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Chuck Close

July 2, 2011 5 comments

I came across the work of Chuck Close recently, whilst watching an extraordinary TV programme about Oliver Sacks and face blindness. Chuck Close (who paradoxically for a portrait artist also suffers from face blindness) is an American who made his name in the late 60’s, early 70’s painting huge hyper-realistic portraits, that are so unbelievably lifelike, that the image I’ve used here on the left (Big Self Portrait from 1969) simply looks like a photo, when in reality it’s a canvas about 1.5x 2m, with every hair, smoke curl and skin mark painted with a brush…

Despite suffering a collapsed spinal artery in 1988 that left him paralysed and wheelchair bound (what he now refers to as “The Event”) he has continued to paint. His condition has meant that, unable to paint in the very detailed styles that made his name, he has had to adapt, and has developed a very beautiful and unique approach to portraiture.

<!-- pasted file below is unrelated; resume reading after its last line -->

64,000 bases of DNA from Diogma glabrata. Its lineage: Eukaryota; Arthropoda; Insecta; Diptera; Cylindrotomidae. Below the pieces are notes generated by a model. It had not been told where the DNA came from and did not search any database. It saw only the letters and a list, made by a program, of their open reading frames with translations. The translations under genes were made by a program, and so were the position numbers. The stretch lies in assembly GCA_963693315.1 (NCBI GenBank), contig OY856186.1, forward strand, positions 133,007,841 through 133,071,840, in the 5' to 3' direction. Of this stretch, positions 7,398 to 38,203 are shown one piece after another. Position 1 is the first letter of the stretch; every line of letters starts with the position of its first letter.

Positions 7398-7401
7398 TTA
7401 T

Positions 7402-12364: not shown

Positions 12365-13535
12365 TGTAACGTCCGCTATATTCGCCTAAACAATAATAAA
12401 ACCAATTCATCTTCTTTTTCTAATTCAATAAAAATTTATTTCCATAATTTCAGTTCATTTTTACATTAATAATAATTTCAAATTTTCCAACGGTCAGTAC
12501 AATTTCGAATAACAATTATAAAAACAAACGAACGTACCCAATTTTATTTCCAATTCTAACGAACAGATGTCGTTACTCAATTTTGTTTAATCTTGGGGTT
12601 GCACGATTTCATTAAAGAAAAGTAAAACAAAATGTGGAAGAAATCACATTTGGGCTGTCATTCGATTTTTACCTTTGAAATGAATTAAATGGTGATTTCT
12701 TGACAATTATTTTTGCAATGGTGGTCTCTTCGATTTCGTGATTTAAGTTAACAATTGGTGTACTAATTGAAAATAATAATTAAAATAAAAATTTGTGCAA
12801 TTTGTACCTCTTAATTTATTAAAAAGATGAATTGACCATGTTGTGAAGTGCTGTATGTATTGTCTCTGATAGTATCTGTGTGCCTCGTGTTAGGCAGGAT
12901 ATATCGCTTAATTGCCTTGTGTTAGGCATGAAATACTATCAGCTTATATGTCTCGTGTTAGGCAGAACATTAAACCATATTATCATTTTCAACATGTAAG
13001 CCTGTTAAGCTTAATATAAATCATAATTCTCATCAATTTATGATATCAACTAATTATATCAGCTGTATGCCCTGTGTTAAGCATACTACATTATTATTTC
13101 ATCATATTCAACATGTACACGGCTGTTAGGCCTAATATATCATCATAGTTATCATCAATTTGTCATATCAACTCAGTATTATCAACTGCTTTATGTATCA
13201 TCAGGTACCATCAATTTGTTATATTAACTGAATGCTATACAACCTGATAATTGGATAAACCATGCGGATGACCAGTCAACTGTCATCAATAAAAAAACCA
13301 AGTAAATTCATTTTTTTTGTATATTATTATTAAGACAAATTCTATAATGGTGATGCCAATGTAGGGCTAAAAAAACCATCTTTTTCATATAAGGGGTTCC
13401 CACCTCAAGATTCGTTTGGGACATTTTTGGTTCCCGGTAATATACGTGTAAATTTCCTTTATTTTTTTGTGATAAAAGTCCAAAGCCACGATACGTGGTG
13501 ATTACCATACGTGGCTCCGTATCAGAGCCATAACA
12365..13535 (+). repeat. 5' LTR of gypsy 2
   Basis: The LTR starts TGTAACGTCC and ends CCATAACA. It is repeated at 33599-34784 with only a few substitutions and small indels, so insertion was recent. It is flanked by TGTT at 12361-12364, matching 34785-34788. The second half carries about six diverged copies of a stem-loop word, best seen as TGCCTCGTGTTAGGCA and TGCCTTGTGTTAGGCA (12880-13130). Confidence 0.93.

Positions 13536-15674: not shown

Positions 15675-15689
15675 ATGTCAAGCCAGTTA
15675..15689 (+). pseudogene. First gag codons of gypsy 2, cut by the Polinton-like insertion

Photographs of his subject are divided by his assistants into a diagonal grid, which Close then translates, square by square, with a paint brush tied to his hand, into truly stunning images. His use of block colour and shapes, in small controlled areas, maximises his limited physical ability and has undoubtably allowed a genuinely remarkable gift to develop.

His work, always on a large scale, is produced and exhibited through a variety of mediums including his brush painted canvases, fingerprint painted canvases, daguerroetype and photogravure photographs and tapestries.

What I think shines through, especially in his more recent self portraits is the sparkle in his eye, the feeling that despite his unimaginably difficult condition, he his a man at peace with himself and absolutely at the top of his game…

Quite by coincidence, Wikipedia tells me that it’s his 71st birthday in three days time, so Happy Birthday Chuck, I think you are one amazing human being…

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